Tuesday, October 20, 2020

An artist's notes on (red) hair

In my wanderings I came across another old article that mentions red hair. It's titled 'An Artists Notes On Hair', and comes from a 19th century publication titled 'The art journal London (1857)'.

I'll quote a few paragraphs;

"The pale gold runs into the full gold, that into the coppery, then into the red, then into the auburn, and lastly into the dark, almost black hair, with red in it. This is the grandest kind of hair, perhaps, of all - grander even than the black hair with bright blue lights, because it is stronger in character, richer, and more vital. It is hair one would fancy Samson had. This kind, however, is very uncommon. I have not seen it in perfection more than once or twice.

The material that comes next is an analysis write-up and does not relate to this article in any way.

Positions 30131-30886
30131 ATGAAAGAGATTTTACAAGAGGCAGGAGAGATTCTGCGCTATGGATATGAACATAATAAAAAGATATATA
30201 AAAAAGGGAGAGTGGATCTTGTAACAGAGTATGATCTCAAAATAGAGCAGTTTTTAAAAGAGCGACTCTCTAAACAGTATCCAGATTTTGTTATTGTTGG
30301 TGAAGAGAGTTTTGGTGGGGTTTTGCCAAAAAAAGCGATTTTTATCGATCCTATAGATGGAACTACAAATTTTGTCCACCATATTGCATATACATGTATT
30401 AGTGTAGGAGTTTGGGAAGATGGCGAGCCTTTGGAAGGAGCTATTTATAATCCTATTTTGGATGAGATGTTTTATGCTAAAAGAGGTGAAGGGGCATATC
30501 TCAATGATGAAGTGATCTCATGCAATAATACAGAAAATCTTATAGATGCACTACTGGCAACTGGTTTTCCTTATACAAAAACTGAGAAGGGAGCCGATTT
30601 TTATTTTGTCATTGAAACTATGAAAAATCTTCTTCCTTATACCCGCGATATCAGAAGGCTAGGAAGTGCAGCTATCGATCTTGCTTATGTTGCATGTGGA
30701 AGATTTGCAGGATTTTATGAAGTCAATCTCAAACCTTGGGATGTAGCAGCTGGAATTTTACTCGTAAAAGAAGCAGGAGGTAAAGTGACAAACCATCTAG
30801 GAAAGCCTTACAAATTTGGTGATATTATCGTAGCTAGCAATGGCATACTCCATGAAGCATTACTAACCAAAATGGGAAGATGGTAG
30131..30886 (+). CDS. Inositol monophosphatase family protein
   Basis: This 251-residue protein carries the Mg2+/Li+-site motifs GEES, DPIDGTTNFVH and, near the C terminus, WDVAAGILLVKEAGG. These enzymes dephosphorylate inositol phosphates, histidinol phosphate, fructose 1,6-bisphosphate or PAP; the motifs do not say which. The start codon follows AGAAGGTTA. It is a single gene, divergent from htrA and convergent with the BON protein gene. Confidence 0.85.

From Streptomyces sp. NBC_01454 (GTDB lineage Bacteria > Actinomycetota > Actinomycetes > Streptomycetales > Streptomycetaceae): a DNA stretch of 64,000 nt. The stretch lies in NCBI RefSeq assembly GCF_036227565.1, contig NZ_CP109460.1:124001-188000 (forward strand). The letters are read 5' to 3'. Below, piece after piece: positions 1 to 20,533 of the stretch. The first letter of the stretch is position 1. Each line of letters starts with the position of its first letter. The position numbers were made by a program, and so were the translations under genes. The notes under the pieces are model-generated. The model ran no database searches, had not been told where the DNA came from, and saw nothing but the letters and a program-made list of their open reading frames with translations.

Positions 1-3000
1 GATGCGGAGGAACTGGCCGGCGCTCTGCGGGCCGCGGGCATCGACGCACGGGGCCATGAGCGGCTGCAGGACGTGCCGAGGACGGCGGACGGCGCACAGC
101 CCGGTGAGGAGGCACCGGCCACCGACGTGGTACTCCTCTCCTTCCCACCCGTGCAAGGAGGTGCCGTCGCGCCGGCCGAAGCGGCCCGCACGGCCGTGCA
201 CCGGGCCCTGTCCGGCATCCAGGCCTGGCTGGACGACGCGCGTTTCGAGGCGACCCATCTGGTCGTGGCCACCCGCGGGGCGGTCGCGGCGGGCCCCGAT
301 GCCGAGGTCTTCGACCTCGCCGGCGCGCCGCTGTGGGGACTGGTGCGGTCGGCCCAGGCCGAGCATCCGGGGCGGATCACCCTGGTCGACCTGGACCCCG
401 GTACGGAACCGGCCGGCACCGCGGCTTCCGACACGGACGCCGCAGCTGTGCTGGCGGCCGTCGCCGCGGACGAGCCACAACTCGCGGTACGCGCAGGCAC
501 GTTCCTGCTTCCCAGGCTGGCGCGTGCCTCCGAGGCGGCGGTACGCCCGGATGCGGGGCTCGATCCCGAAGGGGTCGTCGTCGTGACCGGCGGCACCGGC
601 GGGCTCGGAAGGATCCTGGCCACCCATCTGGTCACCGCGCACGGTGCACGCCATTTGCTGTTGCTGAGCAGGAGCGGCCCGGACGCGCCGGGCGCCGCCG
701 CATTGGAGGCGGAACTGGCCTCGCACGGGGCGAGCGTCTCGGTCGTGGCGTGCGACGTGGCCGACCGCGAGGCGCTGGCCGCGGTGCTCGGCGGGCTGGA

Red hair is not often the subject of praise, nevertheless, there are several kinds of it that are very beautiful. I know but one, indeed, which I cannot like, and that is the fiery, brick-dusty version which is associated with an unpleasing complexion of the sallow, pale, tallowy, or fire-burnt character. When, however, the complexion is agreeable - and it often is the most charming and peachy when the hair is red - then the quality of the hair is commonly pleasing too. The delicacy of these tints, however, agrees better with the female than the male character, and therefore red hair is more agreeable in a woman than a man, in whom a certain pronounced vigour of appearance is looked for, which in red hair is apt to fall into the aforesaid brick-dusty and fiery."

The entire article can be found here; https://books.google.co.uk

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